I’m still not sure what my absolute favorite book of the year is yet (Warcross, Little Fires Everywhere, and Always and Forever, Lara Jean are among the top contenders), but I think They Both Die at the End by Adam Silvera could be a contender.

Q:Have you already started making reading plans for 2018?

In November, I want to start rereading the Throne of Glass series in anticipation of the last ToG book coming out next year. I plan on reading at least one ToG book per month, (which sadly means putting Tower of Dawn off a bit longer), as I’ve forgotten some of the smaller, yet important details of the story, so my reread will lead me into 2018.

What are some reading goals that you want to finish by the end of the year? Share in the comments!

Why I Don’t Buy Every Book I Read: A Fangirl Fury Discussion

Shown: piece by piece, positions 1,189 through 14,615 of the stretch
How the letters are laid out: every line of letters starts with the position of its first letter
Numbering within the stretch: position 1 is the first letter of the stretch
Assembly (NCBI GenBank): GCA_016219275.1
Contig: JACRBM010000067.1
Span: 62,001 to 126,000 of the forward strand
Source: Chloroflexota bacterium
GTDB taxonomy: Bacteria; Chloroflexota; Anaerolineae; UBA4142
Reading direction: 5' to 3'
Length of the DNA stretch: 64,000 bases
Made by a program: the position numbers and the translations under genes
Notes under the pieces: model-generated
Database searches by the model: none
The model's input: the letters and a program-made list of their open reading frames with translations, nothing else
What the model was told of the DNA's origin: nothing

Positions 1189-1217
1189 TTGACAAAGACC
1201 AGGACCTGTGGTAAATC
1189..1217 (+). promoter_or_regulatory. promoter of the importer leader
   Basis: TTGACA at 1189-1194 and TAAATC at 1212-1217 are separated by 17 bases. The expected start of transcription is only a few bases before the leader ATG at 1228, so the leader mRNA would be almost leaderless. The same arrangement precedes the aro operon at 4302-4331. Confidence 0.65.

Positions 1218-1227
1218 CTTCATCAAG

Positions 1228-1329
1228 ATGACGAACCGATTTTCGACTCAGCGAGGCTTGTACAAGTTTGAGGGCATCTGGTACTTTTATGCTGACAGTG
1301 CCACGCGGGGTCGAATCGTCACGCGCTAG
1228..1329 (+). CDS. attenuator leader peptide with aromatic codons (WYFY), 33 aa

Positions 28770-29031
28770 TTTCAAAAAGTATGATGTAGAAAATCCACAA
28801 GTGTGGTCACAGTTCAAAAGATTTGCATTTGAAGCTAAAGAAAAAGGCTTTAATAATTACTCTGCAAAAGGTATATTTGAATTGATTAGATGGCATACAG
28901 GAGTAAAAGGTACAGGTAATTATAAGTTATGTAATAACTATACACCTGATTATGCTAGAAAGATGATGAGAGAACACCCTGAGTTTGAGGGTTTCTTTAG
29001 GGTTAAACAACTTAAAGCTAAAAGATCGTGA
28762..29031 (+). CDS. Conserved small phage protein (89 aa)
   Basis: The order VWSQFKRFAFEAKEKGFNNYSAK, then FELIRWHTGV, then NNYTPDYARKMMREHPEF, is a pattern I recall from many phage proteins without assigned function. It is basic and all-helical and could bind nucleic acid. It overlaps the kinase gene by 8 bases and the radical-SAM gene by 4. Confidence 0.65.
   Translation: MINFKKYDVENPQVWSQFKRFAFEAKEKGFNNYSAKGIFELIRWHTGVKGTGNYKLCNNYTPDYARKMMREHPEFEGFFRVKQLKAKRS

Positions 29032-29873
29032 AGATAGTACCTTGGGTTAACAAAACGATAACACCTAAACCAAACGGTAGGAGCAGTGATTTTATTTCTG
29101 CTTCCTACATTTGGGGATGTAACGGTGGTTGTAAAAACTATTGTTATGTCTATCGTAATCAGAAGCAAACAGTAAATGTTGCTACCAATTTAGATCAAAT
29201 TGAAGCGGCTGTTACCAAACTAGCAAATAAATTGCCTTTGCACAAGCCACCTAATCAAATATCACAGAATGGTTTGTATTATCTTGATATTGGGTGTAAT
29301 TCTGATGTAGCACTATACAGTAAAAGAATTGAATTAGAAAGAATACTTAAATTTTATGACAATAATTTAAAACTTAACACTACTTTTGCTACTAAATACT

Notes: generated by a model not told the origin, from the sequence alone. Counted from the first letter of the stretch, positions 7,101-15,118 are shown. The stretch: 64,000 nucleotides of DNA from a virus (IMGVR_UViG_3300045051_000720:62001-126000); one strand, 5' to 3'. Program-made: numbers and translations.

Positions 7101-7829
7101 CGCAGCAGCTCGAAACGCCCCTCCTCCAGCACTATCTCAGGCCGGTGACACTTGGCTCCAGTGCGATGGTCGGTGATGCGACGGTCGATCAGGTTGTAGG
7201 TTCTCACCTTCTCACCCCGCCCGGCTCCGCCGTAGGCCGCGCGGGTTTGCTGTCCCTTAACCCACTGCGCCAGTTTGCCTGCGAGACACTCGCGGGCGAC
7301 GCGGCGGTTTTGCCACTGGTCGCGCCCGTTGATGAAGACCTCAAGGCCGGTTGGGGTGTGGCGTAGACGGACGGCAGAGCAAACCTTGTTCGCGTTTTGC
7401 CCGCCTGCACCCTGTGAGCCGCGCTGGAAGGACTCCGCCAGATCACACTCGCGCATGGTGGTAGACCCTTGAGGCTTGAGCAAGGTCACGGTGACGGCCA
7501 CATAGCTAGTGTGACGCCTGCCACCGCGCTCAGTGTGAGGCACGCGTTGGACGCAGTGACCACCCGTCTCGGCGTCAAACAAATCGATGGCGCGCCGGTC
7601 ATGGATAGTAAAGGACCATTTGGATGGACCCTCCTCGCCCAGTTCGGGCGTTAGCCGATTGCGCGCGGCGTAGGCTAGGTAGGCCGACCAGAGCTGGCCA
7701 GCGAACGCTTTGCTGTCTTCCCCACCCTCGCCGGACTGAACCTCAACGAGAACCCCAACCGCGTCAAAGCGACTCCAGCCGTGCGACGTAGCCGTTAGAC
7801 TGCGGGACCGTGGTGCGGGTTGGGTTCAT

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My name is Haley, otherwise known to you as Fangirl Fury, and I am a self-proclaimed book addict. Like most of my fellow book addicts, much of my free time is spent reading books and reading or watching content focused on literature. Like most of my fellow book addicts, Barnes and Noble is my happy place (also the place where my credit card feels most right at home). Like most of my fellow book addicts, I dream of owning a home with enough space to have a Beauty and the Beast-sized library. However, for me, it would most definitely take some time to fill up this library because of the fact that I don’t buy every single book that I read.

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Review: Moxie by Jennifer Mathieu

Summary: Vivian is tired of her small-town Texas high school. She’s tired of the football team always getting whatever they want. She’s tired of the sexist dress codes and harassment-filled hallways. Motivated by her mother’s role as a Riot Grrrl back in the 90s, Viv creates a feminist zine, Moxie, that she anonymously distributes in school. As Moxie becomes the talk of school more and more, Viv finds herself making friends with girls across all social groups and realizes she might be on to the start of a revolution.